No equipment is perfect, and there are plenty of issues to work through.

But in the short time that I have been Minister for Defence Materiel I have seen a lot of evidence of Defence’s ability to respond to the issues raised by our soldiers in theatre.

The best example of this is the combat body armour our troops are wearing.

The standard issue MCBAS body amour is very effective. But it’s heavy. It worked well in Iraq where troops required maximum ballistic protection – and weren’t required to regularly patrol on foot.

In Afghanistan, the feedback from troops was it made it very hard to do their job.

Defence has responded by purchasing about 1000 sets of a lighter body armour called Eagle Marine. That means our troops can now use light or heavy body armour – depending on the mission.

That flexibility will be enhanced next year.

The Army is currently trialling new tiered body armour that will allow troops to insert different armour plates in their rigs, depending on the conditions.

Army is working towards having this ready for Mission Rehearsal Exercises next year and expects that when Taskforce 8 deploy in the middle of next year they will go with this new equipment.

It’s just one example of the work being done by the team equipping our soldiers.

As Minister for Defence Materiel I recognise how important this work is and that there is more work to do to.

This is not an easy fight. The last nine years are proof of that.

We have already mourned the loss of 21 young Australians. Many more have been wounded.

I met one of them the other day when I visited Robertson Barracks in Darwin.

While the rest of us were still celebrating Christmas two years ago he was in a fire fight in the Chora valley.

His platoon was ambushed. They were hemmed in on both sides. As he ran to find cover behind a tree he was shot through both legs.

He survived because his mates dragged him 600 metres — through irrigation ditches, around small mud brick walls and a compound, taking as much cover as they could along the way.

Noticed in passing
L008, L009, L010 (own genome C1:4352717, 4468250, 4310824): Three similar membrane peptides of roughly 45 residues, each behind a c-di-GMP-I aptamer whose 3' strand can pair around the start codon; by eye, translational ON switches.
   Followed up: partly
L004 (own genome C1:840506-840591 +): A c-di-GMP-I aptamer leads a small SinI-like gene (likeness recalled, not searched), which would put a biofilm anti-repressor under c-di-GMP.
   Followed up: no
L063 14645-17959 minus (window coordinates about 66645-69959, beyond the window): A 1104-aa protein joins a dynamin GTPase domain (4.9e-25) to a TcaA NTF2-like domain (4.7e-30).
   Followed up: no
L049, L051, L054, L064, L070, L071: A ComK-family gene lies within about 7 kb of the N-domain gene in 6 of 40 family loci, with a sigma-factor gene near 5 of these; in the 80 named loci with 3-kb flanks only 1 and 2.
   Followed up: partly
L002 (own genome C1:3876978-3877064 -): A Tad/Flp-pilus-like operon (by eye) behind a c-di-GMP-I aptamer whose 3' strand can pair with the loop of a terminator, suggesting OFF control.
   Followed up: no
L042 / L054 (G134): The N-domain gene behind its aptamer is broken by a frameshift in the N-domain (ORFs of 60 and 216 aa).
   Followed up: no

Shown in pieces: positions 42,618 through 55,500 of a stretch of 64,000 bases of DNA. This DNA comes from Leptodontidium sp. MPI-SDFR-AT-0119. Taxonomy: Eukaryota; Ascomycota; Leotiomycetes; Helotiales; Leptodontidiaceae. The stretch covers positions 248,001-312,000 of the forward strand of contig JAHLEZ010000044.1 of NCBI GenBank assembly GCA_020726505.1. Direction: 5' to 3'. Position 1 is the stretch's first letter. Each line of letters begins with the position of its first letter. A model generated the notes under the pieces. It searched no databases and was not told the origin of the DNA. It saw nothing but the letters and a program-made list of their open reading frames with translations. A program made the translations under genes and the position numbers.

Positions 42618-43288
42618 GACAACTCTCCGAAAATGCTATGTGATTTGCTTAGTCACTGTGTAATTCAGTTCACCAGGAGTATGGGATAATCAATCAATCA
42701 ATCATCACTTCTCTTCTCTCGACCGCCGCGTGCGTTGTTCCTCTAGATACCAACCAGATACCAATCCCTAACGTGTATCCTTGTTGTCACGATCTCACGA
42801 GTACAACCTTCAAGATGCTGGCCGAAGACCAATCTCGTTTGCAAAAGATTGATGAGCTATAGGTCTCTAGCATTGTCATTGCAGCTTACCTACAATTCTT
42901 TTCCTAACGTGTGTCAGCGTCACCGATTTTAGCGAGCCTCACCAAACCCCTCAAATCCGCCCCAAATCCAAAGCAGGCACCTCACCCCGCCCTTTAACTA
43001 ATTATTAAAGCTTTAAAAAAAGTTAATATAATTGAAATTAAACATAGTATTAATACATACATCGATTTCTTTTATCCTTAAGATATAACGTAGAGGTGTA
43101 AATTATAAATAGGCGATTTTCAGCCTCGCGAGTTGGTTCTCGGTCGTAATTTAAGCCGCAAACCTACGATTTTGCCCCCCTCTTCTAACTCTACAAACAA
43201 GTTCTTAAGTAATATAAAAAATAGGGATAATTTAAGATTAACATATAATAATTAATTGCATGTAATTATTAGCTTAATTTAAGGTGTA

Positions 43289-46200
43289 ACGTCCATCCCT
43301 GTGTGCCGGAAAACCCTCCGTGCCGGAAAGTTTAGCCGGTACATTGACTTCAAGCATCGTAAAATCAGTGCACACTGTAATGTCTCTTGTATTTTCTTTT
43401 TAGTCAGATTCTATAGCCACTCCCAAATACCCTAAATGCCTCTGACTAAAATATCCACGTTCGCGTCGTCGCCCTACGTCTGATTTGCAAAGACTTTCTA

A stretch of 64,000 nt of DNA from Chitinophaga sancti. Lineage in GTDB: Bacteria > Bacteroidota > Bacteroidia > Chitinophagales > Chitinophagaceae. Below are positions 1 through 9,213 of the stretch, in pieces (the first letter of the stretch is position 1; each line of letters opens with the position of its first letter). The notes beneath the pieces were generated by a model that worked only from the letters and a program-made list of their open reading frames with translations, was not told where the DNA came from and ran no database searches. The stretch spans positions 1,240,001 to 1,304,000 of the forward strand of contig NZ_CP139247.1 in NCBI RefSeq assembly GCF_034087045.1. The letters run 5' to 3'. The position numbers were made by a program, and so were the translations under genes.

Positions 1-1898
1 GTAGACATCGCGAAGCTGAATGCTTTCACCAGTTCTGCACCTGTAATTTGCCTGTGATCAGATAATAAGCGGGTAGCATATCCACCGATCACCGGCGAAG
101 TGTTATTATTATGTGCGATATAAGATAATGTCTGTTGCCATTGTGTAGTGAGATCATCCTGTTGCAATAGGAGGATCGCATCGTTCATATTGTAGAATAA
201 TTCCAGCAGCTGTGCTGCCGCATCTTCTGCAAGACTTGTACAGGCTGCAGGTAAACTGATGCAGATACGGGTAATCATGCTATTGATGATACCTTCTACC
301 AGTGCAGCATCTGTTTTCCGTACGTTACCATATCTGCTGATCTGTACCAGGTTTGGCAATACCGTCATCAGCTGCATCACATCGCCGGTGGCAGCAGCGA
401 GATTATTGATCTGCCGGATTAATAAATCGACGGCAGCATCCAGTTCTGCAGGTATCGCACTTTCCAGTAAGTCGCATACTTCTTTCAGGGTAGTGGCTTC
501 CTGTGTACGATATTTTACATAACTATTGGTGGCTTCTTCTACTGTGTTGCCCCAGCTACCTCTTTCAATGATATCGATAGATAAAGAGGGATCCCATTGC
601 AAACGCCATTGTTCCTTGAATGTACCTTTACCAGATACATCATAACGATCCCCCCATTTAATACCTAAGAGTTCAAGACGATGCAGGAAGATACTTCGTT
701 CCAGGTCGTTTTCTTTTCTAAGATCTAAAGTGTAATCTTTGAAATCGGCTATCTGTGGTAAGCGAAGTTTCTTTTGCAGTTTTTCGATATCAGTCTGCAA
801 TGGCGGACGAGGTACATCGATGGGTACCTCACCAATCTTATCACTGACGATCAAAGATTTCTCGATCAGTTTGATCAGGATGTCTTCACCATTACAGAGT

He was carried the last 200 hundred metres to a Bushmaster by one of his mates, who carried him over his shoulder.

The Bushmaster got him to the medivac helicopter that got him back to Tarin Kowt. He was operated on there and then again in Germany.

Meeting him had an enormous impact on me. I felt so fortunate to meet him – to shake his hand – and more conscious than ever before of the importance of the decisions we make.

They are not easy decisions.

But in our darkest moments in Afghanistan it is important to remember why we have made them, why we are there, why there are 46 other nations there, and contemplate what would happen if we weren’t.

An unstable Afghanistan where malign forces could rise again, is not just a threat to a father too afraid to let Australian soldiers help save his son. It’s a threat to all of us.

The impact of our success or failure will be far reaching for many more years than those we have already spent in Afghanistan.

And that’s why it requires our support now and our endurance.

When asked how he measures progress General Cantwell says:

“It is a matter of doing small things whenever we can move the campaign forward. It has to be a whole series of constant small chips.

“Progress… is measured in small victories. We influence this community leader, we open a school, we clear an IED, we kill a Taliban who is trying to kill us or we capture someone and put them in gaol.

“There’s a thousand things that need to be done. Some of those are military. Others are about being kind and generous and encouraging, to be sympathetic to the cultural issues, to understand that these people are scared.

He said it demands the endurance of commanders and soldiers.

“And it demands endurance of our government if they want to see this thing come to an ending that is satisfactory.”

It does. It does demand the endurance of Government. And it also demands the endurance and support of this Parliament